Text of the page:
Soon after, word reached the upper echelons of the company about how unhappy the customer was about the curt and unhelpful response. The customer realized that their request was unusual, but they had asked based on their good relationship and belief in the firm’s abilities. A visit from a senior person to the customer, and a confab among all the engineers to brainstorm a way to meet the client’s needs, were able to salvage the situation.
Expectation #7: Keeping Commitments
In Japanese business culture, deadlines and delivery dates are taken literally. Deadlines should not just be viewed as desirable guidelines – they should be viewed as strict drop-dead dates. Your customer is likely planning an entire schedule around the receipt of their order from you -- being late can result in a severe inconvenience
Be careful about off-hand comments about when something will be done, because you will be held to it. When asked to give a delivery date, don’t be overly optimistic – instead give a date you are sure that you will be able to meet no matter what happens.
One supplier to a Japanese firm learned about this the hard way. A supervisor had given what they thought was a casual estimate of delivery time to the client, and on the appointed day received a panicked phone call wondering where the delivery was – they had taken the date literally, as a firm promise of when they would receive the goods. Meanwhile the company didn’t even realize that they had made a commitment to the customer, and the order was nowhere near ready. Needless to say, the customer was not pleased.
Expectation #8: Thorough and Complete Follow-Up
In Japanese eyes, the relationship begins with the sale. Post-sale follow-up is important to ensure that your customer is satisfied with the product or service they received. Beware of the common U.S. practice of the salesperson disappearing after the sale and handing things off to “customer service.”
Don’t forget that follow-up conversations are also a good way to spot opportunities for add-on sales. Japanese have even coined an “English” word for this post-sale activity: “after-care.” In Japan, companies typically create a schedule for post-sale visits that is mandatory for their salespeople. Creating similar traditions can be helpful. For example, one law firm that services Japanese clients in the U.S. makes a point of following the Japanese tradition of courtesy calls at the New Year. Their clients are pleased to see them, and the conversations are an opportunity to gauge client satisfaction and their needs during the upcoming year.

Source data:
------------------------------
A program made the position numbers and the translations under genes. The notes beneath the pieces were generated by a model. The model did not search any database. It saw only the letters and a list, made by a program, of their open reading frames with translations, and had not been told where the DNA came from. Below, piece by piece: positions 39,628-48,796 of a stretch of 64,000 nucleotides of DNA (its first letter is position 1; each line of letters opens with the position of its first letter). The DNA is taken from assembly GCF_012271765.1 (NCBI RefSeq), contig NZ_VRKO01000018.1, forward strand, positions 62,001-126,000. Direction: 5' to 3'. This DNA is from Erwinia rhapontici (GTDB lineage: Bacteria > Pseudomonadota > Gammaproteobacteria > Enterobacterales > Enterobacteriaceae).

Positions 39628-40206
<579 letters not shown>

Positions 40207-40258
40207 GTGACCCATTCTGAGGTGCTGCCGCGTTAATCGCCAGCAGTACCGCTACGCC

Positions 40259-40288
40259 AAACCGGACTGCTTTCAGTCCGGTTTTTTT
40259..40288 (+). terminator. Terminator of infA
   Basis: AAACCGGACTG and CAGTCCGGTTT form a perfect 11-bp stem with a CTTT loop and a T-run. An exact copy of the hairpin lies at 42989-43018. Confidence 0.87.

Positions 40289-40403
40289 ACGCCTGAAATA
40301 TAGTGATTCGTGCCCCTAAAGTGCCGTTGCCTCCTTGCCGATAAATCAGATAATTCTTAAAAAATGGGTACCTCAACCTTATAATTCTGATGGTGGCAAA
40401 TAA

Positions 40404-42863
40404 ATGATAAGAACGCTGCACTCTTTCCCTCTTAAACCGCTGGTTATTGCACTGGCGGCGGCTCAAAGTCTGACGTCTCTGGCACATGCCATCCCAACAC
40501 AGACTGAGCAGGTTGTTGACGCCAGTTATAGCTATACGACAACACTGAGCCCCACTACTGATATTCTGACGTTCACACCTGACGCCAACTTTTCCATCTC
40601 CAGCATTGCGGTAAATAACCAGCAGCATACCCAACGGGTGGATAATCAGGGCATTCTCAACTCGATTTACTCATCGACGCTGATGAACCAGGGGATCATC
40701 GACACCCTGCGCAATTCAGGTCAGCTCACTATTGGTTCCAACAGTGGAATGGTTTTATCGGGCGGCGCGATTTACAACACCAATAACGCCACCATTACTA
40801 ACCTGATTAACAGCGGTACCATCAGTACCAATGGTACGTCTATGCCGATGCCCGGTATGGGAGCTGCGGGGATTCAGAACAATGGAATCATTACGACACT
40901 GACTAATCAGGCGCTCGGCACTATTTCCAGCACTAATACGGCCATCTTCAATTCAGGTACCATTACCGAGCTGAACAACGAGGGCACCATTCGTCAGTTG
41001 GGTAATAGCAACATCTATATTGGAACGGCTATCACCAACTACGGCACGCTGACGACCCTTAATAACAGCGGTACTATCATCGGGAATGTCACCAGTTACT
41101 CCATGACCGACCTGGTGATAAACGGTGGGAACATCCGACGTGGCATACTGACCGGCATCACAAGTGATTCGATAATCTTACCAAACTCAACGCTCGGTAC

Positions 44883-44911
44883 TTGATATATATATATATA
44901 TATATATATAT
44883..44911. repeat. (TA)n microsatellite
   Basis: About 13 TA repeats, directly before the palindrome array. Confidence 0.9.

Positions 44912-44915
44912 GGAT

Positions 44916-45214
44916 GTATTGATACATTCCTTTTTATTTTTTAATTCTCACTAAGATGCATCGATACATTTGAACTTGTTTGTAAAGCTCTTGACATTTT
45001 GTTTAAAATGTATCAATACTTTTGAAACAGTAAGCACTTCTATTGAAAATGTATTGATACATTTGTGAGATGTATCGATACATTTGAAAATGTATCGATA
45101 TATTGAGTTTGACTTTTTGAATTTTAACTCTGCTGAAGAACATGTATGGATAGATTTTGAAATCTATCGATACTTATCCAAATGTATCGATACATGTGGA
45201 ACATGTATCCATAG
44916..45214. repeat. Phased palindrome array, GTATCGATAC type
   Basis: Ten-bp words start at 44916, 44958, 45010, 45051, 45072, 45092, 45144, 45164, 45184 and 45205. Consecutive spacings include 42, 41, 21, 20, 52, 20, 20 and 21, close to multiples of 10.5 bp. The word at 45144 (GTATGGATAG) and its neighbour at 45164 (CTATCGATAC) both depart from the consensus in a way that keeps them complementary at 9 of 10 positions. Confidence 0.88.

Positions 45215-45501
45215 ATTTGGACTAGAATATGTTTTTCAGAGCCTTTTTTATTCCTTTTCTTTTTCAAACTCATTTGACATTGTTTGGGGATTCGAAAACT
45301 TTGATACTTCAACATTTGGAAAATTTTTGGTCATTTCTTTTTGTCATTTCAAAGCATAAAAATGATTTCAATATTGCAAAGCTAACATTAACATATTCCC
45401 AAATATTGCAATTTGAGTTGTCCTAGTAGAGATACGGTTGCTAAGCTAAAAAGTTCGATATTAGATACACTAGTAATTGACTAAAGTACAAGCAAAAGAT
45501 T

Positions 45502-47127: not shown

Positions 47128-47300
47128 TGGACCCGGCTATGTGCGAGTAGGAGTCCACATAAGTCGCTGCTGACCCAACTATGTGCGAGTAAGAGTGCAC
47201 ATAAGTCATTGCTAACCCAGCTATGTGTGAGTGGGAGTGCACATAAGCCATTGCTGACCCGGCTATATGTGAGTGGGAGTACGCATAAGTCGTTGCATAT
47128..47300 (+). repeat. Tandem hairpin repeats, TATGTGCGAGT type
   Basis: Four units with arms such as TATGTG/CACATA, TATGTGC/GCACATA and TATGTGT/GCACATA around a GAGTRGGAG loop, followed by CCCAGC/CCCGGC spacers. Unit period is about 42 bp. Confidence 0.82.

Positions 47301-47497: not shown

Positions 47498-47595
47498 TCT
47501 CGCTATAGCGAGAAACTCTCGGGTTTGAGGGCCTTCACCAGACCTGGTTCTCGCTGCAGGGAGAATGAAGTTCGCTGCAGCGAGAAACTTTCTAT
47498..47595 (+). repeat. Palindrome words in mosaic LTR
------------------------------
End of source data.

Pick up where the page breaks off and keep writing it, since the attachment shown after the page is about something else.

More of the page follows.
Expectation #9: Continuous Improvement Attitude
How you respond when there’s a problem is key to your relationship with a Japanese customer.
Be willing to take responsibility when the customer has experienced an inconvenience. Don’t try to “explain away” the problem by blaming other employees, or other factors outside of your control.
Apologize for any problems and inconveniences that the client has encountered, even if they were not your fault. Also, emphasize your commitment to uncovering the root cause of the problem and making sure that the customer does not experience the same problem again in the future.
Recently I discussed these concepts in a seminar conducted for a firm in the pharmaceutical industry. One of the participants recalled a situation when he was working for a contract research firm conducting clinical studies for a Japanese pharmaceutical manufacturer. In a study using mice, an accident took place in which one of the mice was killed, something quite negative as each mouse is an important source of data for the study. The circumstances were that one of the technicians was cleaning the cages, and one of the mice escaped. While trying to look for the mouse, she accidentally stepped on it and killed it. The reason this happened was that the technician was rather stout, and did not see that the mouse was underfoot.